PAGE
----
Ernest Agyemang Yeboah

Enock Maregesi
“Lakini, akiendelea kuwaza na kuangaza, ghafla Murphy aliona kitu kama gari likiwa limesimama kwa mbali. Alisimama na kupata hamu ya kujua. Murphy alianza tena kutembea, lakini sasa akiifuata ile gari, halafu akaongeza mwendo na kukimbia; macho yote yakiwa mbele! Alipofika, karibu na gari ile, hakuminya kifyatulio kumpiga mtu risasi. Alijenga tabasamu na kuongeza mwendo. Gari ilikuwa Ferrari Testarrosa ya Lisa Madrazo Graciano!”
Enock Maregesi, Kolonia Santita

Toba Beta
“We do not start any change. We are part of it.
Something older than us had triggered change.”
Toba Beta, My Ancestor Was an Ancient Astronaut

“Triggers are like little psychic explosions that crash through avoidance and bring the dissociated, avoided trauma suddenly, unexpectedly, back into consciousness.”
Carolyn Spring

Alison Miller
“Deliberately placed triggers for learned behaviours (programmes)
Although all abuse and trauma survivors may be “triggered” into intrusive flashbacks by present-day experiences that remind them of the trauma, the triggers deliberately installed by mind controllers are different, in that they are cues for conditioned behaviours. Some of these are behaviours such as going home, going outside (where someone is waiting), coming to the person who uses the trigger, or switching to a particular insider. Others are psychiatric symptoms such as flashbacks, self-harm, or suicide attempts, which are actually punishments given by insiders for disobedience or disloyalty. For many survivors, every trigger causes a switch to a part programmed to perform a particular behaviour associated with that trigger. For others, the front person remains present in the world but has an irresistible compulsion to perform the behaviour.”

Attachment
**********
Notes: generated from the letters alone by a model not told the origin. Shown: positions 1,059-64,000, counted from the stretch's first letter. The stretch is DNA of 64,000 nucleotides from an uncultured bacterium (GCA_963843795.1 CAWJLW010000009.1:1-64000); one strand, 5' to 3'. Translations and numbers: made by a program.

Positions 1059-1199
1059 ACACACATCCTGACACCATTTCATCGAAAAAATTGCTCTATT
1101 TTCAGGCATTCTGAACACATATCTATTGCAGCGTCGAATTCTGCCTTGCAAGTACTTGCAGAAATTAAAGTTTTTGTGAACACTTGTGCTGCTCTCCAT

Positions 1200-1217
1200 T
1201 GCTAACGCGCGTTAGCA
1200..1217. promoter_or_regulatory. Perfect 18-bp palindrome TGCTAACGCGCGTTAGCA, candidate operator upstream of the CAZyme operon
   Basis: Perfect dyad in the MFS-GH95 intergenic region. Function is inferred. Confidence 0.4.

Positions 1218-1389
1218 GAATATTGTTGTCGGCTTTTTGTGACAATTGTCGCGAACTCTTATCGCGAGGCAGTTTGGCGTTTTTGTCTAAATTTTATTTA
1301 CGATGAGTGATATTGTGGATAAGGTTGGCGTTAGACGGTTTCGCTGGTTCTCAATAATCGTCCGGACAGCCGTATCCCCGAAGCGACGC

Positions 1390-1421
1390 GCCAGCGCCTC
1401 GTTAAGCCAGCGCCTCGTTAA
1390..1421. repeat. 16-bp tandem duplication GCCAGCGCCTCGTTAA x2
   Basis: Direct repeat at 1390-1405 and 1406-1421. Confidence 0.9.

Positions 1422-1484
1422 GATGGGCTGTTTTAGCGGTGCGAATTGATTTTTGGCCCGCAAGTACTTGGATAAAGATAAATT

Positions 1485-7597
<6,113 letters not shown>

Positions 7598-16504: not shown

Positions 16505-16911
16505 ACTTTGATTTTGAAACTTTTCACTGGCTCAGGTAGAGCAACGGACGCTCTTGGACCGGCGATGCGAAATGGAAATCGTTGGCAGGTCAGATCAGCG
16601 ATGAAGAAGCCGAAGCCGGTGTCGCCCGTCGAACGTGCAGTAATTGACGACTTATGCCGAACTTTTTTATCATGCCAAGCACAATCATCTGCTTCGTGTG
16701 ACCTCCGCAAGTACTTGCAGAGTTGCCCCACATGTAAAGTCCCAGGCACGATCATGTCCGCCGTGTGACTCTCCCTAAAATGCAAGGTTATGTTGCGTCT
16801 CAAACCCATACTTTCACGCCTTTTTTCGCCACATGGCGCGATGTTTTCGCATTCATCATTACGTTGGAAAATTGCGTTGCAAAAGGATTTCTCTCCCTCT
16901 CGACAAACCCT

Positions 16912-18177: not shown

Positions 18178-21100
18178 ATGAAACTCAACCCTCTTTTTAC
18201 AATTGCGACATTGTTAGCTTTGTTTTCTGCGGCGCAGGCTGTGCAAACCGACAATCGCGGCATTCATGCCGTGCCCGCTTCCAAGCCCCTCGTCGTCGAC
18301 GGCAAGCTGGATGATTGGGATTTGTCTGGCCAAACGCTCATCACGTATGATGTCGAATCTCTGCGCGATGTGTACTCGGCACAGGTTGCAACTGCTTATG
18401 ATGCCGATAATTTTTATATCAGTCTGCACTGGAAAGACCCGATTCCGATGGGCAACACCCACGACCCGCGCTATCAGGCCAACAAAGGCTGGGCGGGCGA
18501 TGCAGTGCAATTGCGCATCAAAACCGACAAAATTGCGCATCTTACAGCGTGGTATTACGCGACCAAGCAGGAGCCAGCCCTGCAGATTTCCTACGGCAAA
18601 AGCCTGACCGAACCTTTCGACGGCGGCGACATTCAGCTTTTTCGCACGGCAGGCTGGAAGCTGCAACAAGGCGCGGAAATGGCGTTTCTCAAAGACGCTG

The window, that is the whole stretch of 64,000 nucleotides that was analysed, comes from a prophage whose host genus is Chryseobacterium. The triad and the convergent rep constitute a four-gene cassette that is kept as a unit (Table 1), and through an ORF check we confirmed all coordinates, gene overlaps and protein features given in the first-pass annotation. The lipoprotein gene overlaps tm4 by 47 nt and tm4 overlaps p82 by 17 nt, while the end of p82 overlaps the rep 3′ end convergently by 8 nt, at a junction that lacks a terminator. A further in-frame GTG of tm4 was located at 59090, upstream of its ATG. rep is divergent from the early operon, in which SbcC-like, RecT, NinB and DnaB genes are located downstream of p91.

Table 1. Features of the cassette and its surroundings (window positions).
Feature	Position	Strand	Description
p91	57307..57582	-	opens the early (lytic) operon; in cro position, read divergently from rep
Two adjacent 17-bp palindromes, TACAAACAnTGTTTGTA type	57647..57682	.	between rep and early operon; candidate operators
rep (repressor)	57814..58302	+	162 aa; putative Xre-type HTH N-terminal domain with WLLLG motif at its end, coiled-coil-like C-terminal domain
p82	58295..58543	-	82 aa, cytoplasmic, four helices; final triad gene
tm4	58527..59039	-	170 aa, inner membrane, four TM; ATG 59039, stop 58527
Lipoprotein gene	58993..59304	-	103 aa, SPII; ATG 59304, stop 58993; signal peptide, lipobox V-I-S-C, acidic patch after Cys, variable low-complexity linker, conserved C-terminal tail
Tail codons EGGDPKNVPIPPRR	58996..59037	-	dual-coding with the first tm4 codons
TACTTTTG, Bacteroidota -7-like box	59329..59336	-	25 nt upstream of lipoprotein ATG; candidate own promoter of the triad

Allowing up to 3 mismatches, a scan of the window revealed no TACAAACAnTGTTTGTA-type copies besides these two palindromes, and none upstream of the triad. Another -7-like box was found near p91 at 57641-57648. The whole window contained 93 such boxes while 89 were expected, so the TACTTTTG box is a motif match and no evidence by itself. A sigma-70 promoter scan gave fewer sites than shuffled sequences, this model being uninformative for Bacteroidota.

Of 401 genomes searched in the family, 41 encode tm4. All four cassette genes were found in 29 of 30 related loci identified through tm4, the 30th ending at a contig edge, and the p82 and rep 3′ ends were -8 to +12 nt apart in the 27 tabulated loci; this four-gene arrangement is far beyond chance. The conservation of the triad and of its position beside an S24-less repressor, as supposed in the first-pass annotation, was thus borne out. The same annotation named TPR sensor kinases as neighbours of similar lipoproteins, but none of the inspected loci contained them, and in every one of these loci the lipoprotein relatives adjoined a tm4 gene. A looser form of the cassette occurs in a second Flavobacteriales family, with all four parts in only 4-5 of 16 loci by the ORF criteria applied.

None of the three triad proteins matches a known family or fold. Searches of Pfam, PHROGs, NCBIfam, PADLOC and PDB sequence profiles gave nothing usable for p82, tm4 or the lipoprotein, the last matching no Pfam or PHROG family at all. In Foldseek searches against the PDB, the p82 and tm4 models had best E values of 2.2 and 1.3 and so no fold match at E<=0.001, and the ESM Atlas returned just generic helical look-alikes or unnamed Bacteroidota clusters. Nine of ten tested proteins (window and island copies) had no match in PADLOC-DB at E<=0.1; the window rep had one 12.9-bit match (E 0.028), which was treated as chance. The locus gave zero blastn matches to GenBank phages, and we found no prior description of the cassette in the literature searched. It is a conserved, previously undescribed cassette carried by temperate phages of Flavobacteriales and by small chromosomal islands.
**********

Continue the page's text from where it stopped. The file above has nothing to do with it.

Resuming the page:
Alison Miller, Becoming Yourself: Overcoming Mind Control and Ritual Abuse